In the gel-based approach (GeLC-MS/MS), nanovesicle proteins extracted as previously described [29] were separated by 10% SDS-PAGE and stained with colloidal Coomassie Blue solution. Gel lane was cut into eight gel slices of similar size and further cut into about 1 mm3 particles; in-gel digestion protocol was adapted from Shevcenko et al. [30]. Peptides obtained from the two procedures were finally dried down with a speed vacuum centrifuge and desalted by solid phase extraction using C18 Macrospin Columns.

Liquid chromatography-tandem mass spectrometry

The MS analysis was performed using a Triple TOF 5600 Plus System (AB Sciex, Framingham, U.S.A.) equipped with an Eksigent Nanoflow binary gradient HPLC system and a nanospray III ion source. Two microliters of sample were injected on a reversed-phase trap column for peptide cleanup and pre-concentration, employing a mobile phase, from loading pump, containing 0.1% v/v FA in water at a flow rate of 5 ul/min. Peptides were then eluted onto the C18 analytical column, equilibrated at 40°C with a solvent A (0, 1% FA in water) at a flow rate of 250 nL/min, and separated using a gradient method according to which solvent B (0, 1% FA in acetonitrile) was linearly increased from 10% to 28% within 60 min and then to 60% within 15 min; afterwards, phase B was further increased to 95% within 1 min. Then, phase B was maintained at 95% for 5 min to rinse the column. Finally, B was lowered to 10% over 1 min and the column reequilibrated for 18 min (100 min total run time).

The eluting peptides were on-line sprayed in the Triple TOF 5600 Plus mass spectrometer, that it is controlled by Analysts 1.6.1 software (AB SCIEX, Toronto, Canada).

Data were acquired using an ion spray voltage of 2.7 kV, curtain gas set at 35, GS1 1 and GS2 0 PSI nitrogen flow, source temperature 80°C. MS/MS spectra were collected using Information Dependent Acquisition (IDA); precursor ions were selected across the mass range of 350 to 1250 m/z in high resolution mode (>30, 000) using 250 ms accumulation time per spectrum. A maximum of 35 precursors per cycle from each MS spectrum, with charge state from 2 to 5, were selected for fragmentation, if exceeding a threshold of 70 counts per second (cps), with 100 ms minimum accumulation time for each precursor and dynamic exclusion for 15 s. Tandem mass spectra were recorded in high sensitivity mode (resolution > 15,000) with rolling collision energy.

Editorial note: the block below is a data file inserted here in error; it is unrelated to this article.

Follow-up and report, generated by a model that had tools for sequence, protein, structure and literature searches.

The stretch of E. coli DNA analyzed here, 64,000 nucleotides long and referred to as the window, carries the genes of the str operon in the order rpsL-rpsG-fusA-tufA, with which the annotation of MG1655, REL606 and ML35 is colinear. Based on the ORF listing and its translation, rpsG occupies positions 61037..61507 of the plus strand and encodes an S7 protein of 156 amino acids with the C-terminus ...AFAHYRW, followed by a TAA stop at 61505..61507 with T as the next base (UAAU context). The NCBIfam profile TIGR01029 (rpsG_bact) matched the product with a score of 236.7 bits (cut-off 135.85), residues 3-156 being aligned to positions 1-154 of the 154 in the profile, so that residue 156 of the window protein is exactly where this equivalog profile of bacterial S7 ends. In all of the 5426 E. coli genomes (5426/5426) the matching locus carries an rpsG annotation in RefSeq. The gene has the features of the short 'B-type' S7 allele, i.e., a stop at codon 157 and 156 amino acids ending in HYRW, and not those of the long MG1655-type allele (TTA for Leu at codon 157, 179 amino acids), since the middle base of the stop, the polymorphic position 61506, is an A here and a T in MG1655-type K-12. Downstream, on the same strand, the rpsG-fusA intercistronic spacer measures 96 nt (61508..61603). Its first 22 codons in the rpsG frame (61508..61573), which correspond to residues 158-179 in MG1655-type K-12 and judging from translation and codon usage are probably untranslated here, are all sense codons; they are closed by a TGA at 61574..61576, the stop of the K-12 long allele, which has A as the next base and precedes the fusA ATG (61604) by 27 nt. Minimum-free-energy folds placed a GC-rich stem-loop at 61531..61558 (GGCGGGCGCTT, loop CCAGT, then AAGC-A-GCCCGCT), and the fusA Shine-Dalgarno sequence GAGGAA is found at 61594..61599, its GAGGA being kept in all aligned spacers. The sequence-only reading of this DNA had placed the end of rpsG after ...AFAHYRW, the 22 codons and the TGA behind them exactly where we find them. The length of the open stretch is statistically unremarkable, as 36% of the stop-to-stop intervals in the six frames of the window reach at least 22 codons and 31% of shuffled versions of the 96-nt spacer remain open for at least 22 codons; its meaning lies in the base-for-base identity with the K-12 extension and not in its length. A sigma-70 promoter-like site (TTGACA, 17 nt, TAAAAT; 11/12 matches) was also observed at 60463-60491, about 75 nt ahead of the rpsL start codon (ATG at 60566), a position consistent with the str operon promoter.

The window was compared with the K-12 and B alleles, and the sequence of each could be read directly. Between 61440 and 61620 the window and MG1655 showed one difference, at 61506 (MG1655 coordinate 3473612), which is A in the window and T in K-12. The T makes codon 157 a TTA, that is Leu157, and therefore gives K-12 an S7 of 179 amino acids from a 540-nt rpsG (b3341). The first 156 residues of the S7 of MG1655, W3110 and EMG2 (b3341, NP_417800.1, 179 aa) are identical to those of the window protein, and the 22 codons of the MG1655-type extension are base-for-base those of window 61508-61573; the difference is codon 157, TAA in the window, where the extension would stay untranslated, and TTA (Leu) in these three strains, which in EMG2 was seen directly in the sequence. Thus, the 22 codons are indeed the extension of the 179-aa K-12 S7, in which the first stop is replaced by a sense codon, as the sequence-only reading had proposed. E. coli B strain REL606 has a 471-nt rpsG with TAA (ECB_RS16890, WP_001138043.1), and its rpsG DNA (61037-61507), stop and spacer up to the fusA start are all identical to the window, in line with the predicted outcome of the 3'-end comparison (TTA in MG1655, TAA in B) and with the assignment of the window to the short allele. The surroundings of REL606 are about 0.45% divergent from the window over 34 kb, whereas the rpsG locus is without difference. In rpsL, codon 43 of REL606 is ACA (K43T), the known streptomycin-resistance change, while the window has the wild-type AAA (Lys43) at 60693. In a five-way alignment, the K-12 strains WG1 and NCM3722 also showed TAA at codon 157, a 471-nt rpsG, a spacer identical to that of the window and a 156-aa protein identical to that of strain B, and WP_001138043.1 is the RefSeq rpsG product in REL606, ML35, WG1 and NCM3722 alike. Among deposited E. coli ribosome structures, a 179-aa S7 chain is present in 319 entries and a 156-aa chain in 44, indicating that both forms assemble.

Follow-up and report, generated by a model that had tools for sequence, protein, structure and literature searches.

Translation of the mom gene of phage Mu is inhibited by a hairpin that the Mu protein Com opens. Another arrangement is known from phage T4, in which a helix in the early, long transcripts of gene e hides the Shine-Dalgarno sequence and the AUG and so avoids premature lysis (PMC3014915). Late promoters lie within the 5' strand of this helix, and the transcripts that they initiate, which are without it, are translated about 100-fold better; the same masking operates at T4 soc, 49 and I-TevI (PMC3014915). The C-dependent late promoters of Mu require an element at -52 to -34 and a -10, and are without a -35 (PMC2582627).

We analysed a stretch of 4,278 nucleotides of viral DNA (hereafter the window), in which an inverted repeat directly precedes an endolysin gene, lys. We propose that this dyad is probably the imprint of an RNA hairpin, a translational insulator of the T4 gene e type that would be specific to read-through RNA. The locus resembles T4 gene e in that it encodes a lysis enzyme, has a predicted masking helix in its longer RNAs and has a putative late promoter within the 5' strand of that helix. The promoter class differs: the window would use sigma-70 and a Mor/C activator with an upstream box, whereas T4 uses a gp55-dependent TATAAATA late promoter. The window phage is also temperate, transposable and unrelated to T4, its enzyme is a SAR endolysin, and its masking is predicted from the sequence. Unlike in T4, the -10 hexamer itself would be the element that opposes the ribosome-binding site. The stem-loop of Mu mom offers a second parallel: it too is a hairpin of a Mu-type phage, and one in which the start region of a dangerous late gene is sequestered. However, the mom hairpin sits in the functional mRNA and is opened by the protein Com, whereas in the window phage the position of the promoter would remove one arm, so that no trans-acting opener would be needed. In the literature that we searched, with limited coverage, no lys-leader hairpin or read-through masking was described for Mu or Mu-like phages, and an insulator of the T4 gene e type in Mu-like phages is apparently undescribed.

Protein identification and data analysis

Raw MS/MS data files from Analysts 1.6 software were submitted to ProteinPilot™ 4.5 software (AB SCIEX, Toronto, Canada), using the Paragon Algorithm and Uniprot’s Citrus database (39096 entries, July 2014); For all analyses, the search was performed with the following settings: (1) Sample Type: identification; (2) Cysteine Alkylation: Iodocetamide; (3) Digestion: Trypsin; (4) Instrument: TripleTOF 5600; (5) Special factors: /Gel-based ID (for samples from GeLC-MS/MS analysis)/None (for samples from LC-MS/MS); (6) Species: None; (7) Search Effort: Thorough ID; (8) FDR Analysis: Yes. Moreover, further analysis were performed with the KEGG Orthology (KO) system (http://www.genome.jp/kegg/ko.html) and the exosome database ExoCarta (http://exocarta.org) [31].

Uptake of Citrus nanovesicles by A549 and LAMA84 cells

Citrus nanovesicles were isolated as described above and labeled with PKH26 (Sigma-Aldrich, St. Louis, MO, USA) for 10 min at room temperature. Labeled nanovesicles were washed twice in PBS and resuspended in complete medium. A549 and LAMA84 cells were grown on coverslips coated with type I collagen (Calbiochem, Darmstadt, Germany) and treated with 20 μg/ml of labeled vesicles for 3 or 6 hours at 4°C or 37°C. Cells were stained with Actin Green 488 (Molecular probes, Life Technologies, California, USA). Nuclei were stained with Hoechst 3342 (Molecular probes, Life Technologies) and analysed by confocal microscopy.

Viability assay (MTT assay)

Cell viability was assessed with Methyl-thiazol-tetrazolium (MTT) assay as previously described [32]. Briefly, cells were seeded at a density of 0.1 × 106 in a 96-well plate and exposed to escalating doses of Citrus nanovescicles (5–20 μg/ml) for 24, 48 or 72 hours, and in the presence or not of 5, 20 μg/ml of neutralizing TRAIL ab. MTT assay was also performed on A549 cell line treated for 24, 48 or 72 hours with 5 or 20 μg/ml of boiled or sonicated nanovesicles. The absorbance was measured at 540 nm. Means and standard deviations generated from three independent experiments are reported as the percentage of growth versus control (untreated cells). Cell proliferation curves were derived from these data with Microsoft Excel software.

Colony formation assay

A549, SW480 and LAMA84 cells were plated in 6-well (2000 cells/ml/well) in Iscove’s-methylcellulose medium (Methocult H4230, Stem Cell Technologies, Vancouver, Canada) containing or not nanovesicles (5, 20 μg/ml). After 14 days of culture, colonies were observed by phase-contrast microscopy and photographed. The area of twenty colonies per condition was measured with the IMAGE-J software (http://rsbweb.nih.gov/ij/).

Annexin V assay